Red Tape Clips Your Wings: UK Energy Drinks Ban
It is an insult to accuse the British Government of nannyism – nannies are nicer by far.
Yes, a nanny’s main role is to look after children and protect them from harm, but is so much more than that. A nanny’s other (and much more important) role is to run the blockade of Mum and Dad, smuggling sweets and treats past their unfair excise border, into the hands of sugar-starved kids.
The government is no nanny – it’s the warden of a prison for young offenders, where everyone is an inmate until they turn 18. After that they are released on strict parole, lasting until the day they die.
The warden has now decided that conditions are not harsh enough. Just as shivs and spliffs are banned on prison grounds, British kids will be banned from buying Red Bull and Monster until they are 18-years-old.
Caffeine Creates Monsters?
The reason? ‘The high level of caffeine in the energy drinks, which has been linked to a string of health problems for children, including head and stomach aches, as well as hyperactivity and sleep problems’. A 250ml tin of Red Bull contains around 80 mg of caffeine.
Basically, caffeine is bad, therefore we should ban it. Let’s see what else children can easily purchase with caffeine in it. A cup of tea = 50 mg. A can of coke = 32 mg. A plain chocolate bar = 50 mg. A mug of instant coffee = 100 mg. A mug of filter coffee = 140 mg. A caffeine tablet supplement = 50 mg.
So why the attack on energy drinks? Perception and pandering. The public education system is failing to adapt to the changing minds of children in our technologically infused minds. Kids nowadays think faster, are smarter, and absorb information at higher rates than ever before thanks to the hive-mind repository of information that is the internet.
Traditional teaching does not work. They cannot hold children’s attention because the business model they are offering is unfit for the purpose it was designed.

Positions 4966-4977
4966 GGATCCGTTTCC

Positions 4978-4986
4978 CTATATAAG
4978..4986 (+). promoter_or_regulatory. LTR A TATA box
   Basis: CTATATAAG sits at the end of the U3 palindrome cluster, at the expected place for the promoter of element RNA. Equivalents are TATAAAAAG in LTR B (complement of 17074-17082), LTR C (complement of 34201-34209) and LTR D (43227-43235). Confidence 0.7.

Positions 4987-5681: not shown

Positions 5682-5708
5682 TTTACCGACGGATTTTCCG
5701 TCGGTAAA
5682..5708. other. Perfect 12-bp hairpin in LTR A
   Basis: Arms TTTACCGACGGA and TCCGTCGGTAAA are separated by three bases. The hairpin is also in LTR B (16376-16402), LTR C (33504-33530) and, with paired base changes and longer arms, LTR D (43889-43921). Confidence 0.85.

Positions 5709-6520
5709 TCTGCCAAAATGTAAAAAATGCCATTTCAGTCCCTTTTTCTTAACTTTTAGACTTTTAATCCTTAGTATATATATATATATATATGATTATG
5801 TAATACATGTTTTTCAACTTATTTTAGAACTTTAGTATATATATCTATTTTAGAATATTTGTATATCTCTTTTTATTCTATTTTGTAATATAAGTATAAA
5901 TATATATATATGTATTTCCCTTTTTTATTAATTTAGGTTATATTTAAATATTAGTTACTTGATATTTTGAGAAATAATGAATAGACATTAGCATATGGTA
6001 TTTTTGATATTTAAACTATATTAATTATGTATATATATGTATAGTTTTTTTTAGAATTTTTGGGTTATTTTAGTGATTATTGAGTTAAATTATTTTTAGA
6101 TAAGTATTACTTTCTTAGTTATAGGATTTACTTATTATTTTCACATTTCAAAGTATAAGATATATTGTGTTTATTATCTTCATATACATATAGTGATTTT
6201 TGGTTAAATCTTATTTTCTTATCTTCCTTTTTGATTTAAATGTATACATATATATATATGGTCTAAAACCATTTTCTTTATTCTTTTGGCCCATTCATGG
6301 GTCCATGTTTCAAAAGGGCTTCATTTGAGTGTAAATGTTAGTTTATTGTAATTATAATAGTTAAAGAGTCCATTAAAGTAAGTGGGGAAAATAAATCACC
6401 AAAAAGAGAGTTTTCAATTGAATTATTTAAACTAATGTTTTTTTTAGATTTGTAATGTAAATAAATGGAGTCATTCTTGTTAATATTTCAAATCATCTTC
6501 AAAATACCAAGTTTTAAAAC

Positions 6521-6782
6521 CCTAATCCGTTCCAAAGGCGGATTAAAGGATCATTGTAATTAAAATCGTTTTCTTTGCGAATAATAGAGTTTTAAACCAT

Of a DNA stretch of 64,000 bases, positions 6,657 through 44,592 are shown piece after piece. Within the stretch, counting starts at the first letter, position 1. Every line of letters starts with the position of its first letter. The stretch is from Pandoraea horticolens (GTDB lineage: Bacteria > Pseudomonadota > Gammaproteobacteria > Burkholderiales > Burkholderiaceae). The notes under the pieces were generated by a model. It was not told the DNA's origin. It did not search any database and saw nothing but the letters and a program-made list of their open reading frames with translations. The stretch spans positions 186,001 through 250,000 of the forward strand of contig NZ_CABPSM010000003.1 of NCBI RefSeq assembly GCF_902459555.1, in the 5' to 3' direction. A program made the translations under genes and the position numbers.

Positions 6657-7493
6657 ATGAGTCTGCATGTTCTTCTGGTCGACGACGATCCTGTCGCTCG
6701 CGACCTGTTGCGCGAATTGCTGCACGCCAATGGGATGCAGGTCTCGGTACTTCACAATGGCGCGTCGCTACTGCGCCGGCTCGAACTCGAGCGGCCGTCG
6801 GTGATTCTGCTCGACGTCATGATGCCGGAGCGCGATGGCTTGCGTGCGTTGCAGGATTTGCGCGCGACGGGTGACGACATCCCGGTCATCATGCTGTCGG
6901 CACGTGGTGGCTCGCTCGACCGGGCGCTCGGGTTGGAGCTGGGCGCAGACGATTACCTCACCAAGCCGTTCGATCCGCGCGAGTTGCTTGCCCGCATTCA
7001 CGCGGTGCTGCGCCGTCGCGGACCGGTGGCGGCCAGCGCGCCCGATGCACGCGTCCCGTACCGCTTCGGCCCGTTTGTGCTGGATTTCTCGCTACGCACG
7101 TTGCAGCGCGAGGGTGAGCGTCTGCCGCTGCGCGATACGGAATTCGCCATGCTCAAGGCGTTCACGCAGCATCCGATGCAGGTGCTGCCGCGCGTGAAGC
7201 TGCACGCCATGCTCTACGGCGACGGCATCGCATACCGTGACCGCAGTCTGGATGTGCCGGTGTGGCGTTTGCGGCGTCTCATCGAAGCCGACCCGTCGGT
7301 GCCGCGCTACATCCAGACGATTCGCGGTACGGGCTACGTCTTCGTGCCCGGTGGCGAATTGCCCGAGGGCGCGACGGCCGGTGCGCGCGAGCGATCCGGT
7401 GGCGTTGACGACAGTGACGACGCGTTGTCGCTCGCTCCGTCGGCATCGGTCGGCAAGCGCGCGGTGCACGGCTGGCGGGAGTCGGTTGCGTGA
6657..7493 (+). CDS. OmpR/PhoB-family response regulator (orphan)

Kids have low attention spans in school. They are bored.
Teachers, rather than being self-reflective and replacing our very Victorian style of teaching with one designed for a generation that learns more in a fifteen-minute video than an entire week of school, teachers are calling for bans.
Kids might be monsters, but it is not because of energy drinks described by the National Association of Schoolmasters Union of Women Teachers as ‘legal highs’. It is because of the legal low that is modern education.
Children will consume caffeine regardless of the ban. They will also continue to get their education elsewhere.
So Who Wins?
The Department of Health and Social Care admitted this week that: ‘we have assumed that regular energy drinks will be replaced with regular soft drinks’. A win for Coca-Cola, I guess? Yet, Coca-Cola and other soft drinks companies have also been under assault by the Government with their sugary drinks tax, which the current regime could quite easily turn into another age-ban if the right union lobbies hard enough.
Won’t somebody please think of the children! After all, the children lose out on drinking products they enjoy. And banning alcohol consumption by children hasn’t resulted in a black-market of binge-drinking and pre-adult alcoholism! Banning always works so well.
What’s next? Shall we ban the Red Bull Racing Formula One team like we did with cigarette sponsorship? Will the English soon be asked to flash their identity cards when buying Twining’s, Tetley, and Tate & Lyle?
How many jobs will the UK lose as a result of the ban? How much revenue will be taken out of the private sector and into the public purse as a result of their own admitted increase in the sales of soft drinks? How much more do we need to ban in the name of ‘public health’ before we realise that we are caged birds?
Red Bull have always employed their famous slogan ‘Red Bull gives you wings’. Under that mantra they have become one of the most successful companies in the world with an operating income of $7.39 billion, and nine international subsidiaries. Now they are to be clipped and tagged.
The message from this Borstal government is clear: success and consumer choice comes second to state control in the United Kingdom.
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